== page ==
self-forgetting love of knowing


For some reason most of my reading yesterday was in Rousseau’s Confessions.

Patterned on St. Augustine’s Confessions, it is a very personal self-portrait written in Rousseau’s old age. I know I have read at least portions of Augustine’s work as well.

I also read this article I had bookmarked from yesterday:

Burning the Cathars | TLS

I didn’t realize that some of the Crusade waves of killing involved French from the north killing French in the South.

Interesting quotes:

the English word “bugger” is derived from “Bulgarian”, and reflects the common canard of mainstream Christians against dissidents that heresy by its unnatural character inevitably leads to deviant sexuality.

In the mid-twelfth century, a Patarene-style reformer in Liège called Lambert le Bègue (“the stammerer”) narrowly escaped a heretic’s death for revivalist activities that included composing a rhyming vernacular version of the Book of Acts for his followers…

The Kingdom of England proved itself precocious in intolerance, perhaps because it had the most sophisticated royal government in twelfth-century Europe. It was Henry II who in 1166 launched the European-wide persecution of heresy, in hounding some wandering Germans to death in Oxfordshire. The English, often so complacent of their record on tolerance, can let that stand beside their near-contemporary invention of the blood-libel against Jews and their later pioneering expulsion of their entire Jewish population.

What Is It to be Intellectually Humble? | Big Questions Online

From this article I previously bookmarked and read yesterday, this caught my attention:

Subramanyan Chandrasekhar was once asked why he could innovate in physics well beyond retirement age, while most physicists do innovative work only when young. He said, “there seems to be a certain arrogance toward nature that people develop. These people have had great insights and made profound discoveries. They imagine afterwards that the fact that they succeeded so triumphantly in one area means they have a special way of looking at science which must be right. But science doesn’t permit that. Nature has shown over and over again that the kinds of truth which underlie nature transcend the most powerful minds.” Chandrasekhar seems to be saying that early success in knowing “puffs up” the scientist, so that his enlarged ego makes it hard to see the way forward on new problems. The humble self-forgetting love of knowing can remove this impediment.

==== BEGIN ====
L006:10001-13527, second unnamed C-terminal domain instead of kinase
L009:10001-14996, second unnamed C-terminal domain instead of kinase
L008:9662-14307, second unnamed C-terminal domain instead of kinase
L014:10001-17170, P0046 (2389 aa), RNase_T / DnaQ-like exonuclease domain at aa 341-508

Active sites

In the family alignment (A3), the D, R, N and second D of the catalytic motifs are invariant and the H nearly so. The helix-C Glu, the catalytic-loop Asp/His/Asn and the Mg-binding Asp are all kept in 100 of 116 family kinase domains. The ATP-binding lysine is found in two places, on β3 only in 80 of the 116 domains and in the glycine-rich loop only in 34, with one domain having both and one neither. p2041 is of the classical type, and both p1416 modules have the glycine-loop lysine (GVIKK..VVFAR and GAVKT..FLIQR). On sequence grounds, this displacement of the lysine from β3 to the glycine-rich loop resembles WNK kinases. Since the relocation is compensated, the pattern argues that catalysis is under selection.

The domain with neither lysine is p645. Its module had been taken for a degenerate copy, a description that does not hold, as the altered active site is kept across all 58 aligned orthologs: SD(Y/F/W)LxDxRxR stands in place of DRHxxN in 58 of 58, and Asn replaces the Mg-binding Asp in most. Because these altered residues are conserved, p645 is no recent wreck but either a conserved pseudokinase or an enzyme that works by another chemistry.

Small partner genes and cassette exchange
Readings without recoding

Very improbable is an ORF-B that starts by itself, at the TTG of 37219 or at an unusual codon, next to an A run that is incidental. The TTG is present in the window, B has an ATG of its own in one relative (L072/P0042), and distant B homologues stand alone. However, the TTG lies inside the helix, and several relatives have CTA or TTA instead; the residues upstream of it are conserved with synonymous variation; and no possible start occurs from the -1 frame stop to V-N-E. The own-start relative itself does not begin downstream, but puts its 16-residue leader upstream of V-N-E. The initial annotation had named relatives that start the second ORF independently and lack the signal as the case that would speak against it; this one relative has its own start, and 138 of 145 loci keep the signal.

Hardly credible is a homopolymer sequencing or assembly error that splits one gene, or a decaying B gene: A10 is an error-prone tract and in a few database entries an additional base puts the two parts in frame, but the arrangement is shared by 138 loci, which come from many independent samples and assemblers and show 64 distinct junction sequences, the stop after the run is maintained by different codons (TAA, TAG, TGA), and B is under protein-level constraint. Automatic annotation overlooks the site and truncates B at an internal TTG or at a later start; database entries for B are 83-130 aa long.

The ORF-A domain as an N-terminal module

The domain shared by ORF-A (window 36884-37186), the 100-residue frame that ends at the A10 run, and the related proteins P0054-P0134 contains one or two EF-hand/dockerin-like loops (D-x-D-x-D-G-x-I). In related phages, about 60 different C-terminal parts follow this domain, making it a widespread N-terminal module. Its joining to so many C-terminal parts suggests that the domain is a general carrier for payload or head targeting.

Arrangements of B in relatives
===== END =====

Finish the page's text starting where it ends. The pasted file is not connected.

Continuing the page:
I like this quite a bit. “Science doesn’t permit” thinking your special way of looking at things is necessarily the right way. Once one is hardened into that, one misses things. Preserve me from as much of that as possible.


Libya’s Unintended Consequences –

Not sure if this columnist quite gets it right, but it’s interesting. See the online comments for some challenges to his notions.


The Thrill of Bill & Hill –

Our leaders are not only bad, they are also boring. At least Bill and Hill aren’t boring.


The Coffin-Maker Benchmark –

Kristoff uses a bit of irony to make a point. Unfortunately he also points out once again how public opinion is confused in its facts:

A World Public Opinion poll in 2010 found that Americans believed that foreign aid consumed one-quarter of federal spending. They said it should be slashed to only 10 percent.

In fact, all foreign aid accounts for about 1 percent of federal spending — and that includes military assistance and a huge, politically driven check made out to Israel, a wealthy country that is the largest recipient of American aid.


Don’t Indulge. Be Happy. –

Money buys a little happiness. But more money doesn’t buy more happiness.


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